BUFFALO, N.Y. — Four new K9 officers will join the Erie County Sheriff's Office later this year, but the unit isn't expanding. Instead, the dogs are replacing four that are being forced to retire due to potential legalization of recreational marijuana.

"They're a great asset to law enforcement," said Scott Zylka, public information officer for the Sheriff's Office, which has a dozen and a half K9s with different specialties.

"We have explosive detection, narcotics detection. We have an accelerant detection, and we have a cadaver dog. On top of that, we have two therapy dogs," Zylka explained.

Only the narcotics dogs are being forced into retirement.

Court rulings in states with legal cannabis found if a drug-sniffing dog is trained on marijuana, officers would need more probable cause to search a vehicle without permission.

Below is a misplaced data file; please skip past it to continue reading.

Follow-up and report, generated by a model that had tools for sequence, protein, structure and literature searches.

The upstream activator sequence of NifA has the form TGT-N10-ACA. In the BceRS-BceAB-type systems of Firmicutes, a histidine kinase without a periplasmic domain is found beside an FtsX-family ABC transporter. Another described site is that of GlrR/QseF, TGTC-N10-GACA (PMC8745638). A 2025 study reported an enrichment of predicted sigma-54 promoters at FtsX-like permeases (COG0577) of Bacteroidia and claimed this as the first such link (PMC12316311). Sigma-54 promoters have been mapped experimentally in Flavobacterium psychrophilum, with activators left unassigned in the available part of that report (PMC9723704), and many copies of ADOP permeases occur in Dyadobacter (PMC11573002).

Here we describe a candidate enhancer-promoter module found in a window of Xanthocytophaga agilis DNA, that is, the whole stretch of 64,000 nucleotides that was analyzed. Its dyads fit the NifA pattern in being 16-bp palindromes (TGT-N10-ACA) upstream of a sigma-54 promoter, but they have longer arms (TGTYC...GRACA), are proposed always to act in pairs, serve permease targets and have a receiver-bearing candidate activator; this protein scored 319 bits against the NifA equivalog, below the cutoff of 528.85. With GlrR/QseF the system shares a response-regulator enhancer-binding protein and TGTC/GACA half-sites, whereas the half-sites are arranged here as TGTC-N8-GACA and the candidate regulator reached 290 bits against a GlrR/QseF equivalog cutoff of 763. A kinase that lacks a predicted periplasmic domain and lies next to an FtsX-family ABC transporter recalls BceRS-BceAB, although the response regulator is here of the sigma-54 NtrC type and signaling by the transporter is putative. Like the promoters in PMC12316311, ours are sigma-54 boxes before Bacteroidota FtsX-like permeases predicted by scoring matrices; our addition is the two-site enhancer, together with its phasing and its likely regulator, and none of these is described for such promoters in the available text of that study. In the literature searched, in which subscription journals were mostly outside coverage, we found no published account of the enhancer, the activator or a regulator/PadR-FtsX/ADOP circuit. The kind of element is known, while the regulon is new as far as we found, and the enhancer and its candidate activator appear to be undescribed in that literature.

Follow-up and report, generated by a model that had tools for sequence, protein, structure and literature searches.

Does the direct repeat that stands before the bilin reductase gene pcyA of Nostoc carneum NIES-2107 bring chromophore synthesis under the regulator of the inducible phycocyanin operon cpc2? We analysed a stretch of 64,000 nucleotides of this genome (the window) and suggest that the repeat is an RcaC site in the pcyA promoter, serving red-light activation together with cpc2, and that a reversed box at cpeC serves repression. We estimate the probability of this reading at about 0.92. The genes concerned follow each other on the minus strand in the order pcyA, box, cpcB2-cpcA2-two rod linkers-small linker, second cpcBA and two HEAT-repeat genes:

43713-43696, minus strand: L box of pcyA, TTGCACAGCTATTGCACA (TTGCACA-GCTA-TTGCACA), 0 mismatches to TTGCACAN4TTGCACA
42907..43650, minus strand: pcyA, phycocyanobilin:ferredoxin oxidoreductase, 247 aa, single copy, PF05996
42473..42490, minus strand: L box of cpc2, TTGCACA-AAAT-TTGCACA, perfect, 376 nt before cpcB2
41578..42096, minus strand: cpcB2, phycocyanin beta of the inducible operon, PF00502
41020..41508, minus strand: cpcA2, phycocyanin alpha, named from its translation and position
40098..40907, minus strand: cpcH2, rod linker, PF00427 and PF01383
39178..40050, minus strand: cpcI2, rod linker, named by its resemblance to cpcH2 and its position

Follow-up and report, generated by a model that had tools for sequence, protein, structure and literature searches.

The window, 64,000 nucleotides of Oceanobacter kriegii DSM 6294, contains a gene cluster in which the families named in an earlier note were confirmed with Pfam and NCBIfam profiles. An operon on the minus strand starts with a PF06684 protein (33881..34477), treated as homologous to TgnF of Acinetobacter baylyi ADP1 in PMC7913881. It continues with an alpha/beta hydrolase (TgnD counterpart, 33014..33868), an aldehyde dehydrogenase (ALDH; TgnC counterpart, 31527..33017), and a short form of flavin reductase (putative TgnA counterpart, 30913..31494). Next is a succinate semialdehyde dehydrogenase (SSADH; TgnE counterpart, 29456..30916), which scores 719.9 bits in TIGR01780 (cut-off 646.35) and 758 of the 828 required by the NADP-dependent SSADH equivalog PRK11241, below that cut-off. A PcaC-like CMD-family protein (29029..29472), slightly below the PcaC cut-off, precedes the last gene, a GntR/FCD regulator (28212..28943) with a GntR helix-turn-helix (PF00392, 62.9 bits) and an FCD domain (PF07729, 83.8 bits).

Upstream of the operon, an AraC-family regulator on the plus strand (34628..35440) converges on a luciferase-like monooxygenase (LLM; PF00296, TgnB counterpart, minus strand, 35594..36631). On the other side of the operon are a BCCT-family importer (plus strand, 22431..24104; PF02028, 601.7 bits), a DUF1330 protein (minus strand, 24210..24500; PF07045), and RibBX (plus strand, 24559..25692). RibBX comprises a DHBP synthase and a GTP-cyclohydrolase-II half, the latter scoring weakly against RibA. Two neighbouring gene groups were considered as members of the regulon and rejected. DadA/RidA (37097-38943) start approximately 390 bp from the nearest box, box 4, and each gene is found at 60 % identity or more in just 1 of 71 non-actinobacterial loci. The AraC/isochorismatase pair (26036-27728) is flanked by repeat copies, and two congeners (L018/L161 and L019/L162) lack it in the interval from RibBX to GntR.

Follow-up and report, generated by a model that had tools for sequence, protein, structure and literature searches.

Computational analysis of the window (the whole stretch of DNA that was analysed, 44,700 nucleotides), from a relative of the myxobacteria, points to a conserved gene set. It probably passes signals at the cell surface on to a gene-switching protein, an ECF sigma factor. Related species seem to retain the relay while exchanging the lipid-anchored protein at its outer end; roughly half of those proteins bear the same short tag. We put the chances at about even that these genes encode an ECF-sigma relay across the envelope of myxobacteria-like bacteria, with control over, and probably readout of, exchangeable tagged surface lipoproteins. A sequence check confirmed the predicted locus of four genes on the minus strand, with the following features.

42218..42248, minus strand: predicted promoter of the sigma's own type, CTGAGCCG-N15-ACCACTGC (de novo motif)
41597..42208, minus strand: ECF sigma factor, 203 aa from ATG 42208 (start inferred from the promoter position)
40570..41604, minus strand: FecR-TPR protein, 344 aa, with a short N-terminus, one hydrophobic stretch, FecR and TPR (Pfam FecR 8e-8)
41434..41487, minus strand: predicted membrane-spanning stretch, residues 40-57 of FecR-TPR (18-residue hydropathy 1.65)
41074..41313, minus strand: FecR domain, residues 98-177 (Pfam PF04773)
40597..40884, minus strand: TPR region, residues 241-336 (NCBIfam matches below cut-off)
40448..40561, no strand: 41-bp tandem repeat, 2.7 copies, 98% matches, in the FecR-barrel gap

"We can't get probable cause for us to search the car, and that is the key thing that these dogs are for," said Officer Brian Laas with the Arvada, Colorado Police Department.

The four E.C.S.O. dogs that are retiring will get to stay with their handlers.

"That's a big deal for the handlers," Zylka said. "Not only is it a partner, but it becomes somewhat of a family pet."

The new K9s collectively cost about $40,000, which doesn't include expensive training. The E.C.S.O. used drug forfeiture money to make the purchase.

Training for the new K9s will start relatively soon and could take up to 6 months to complete.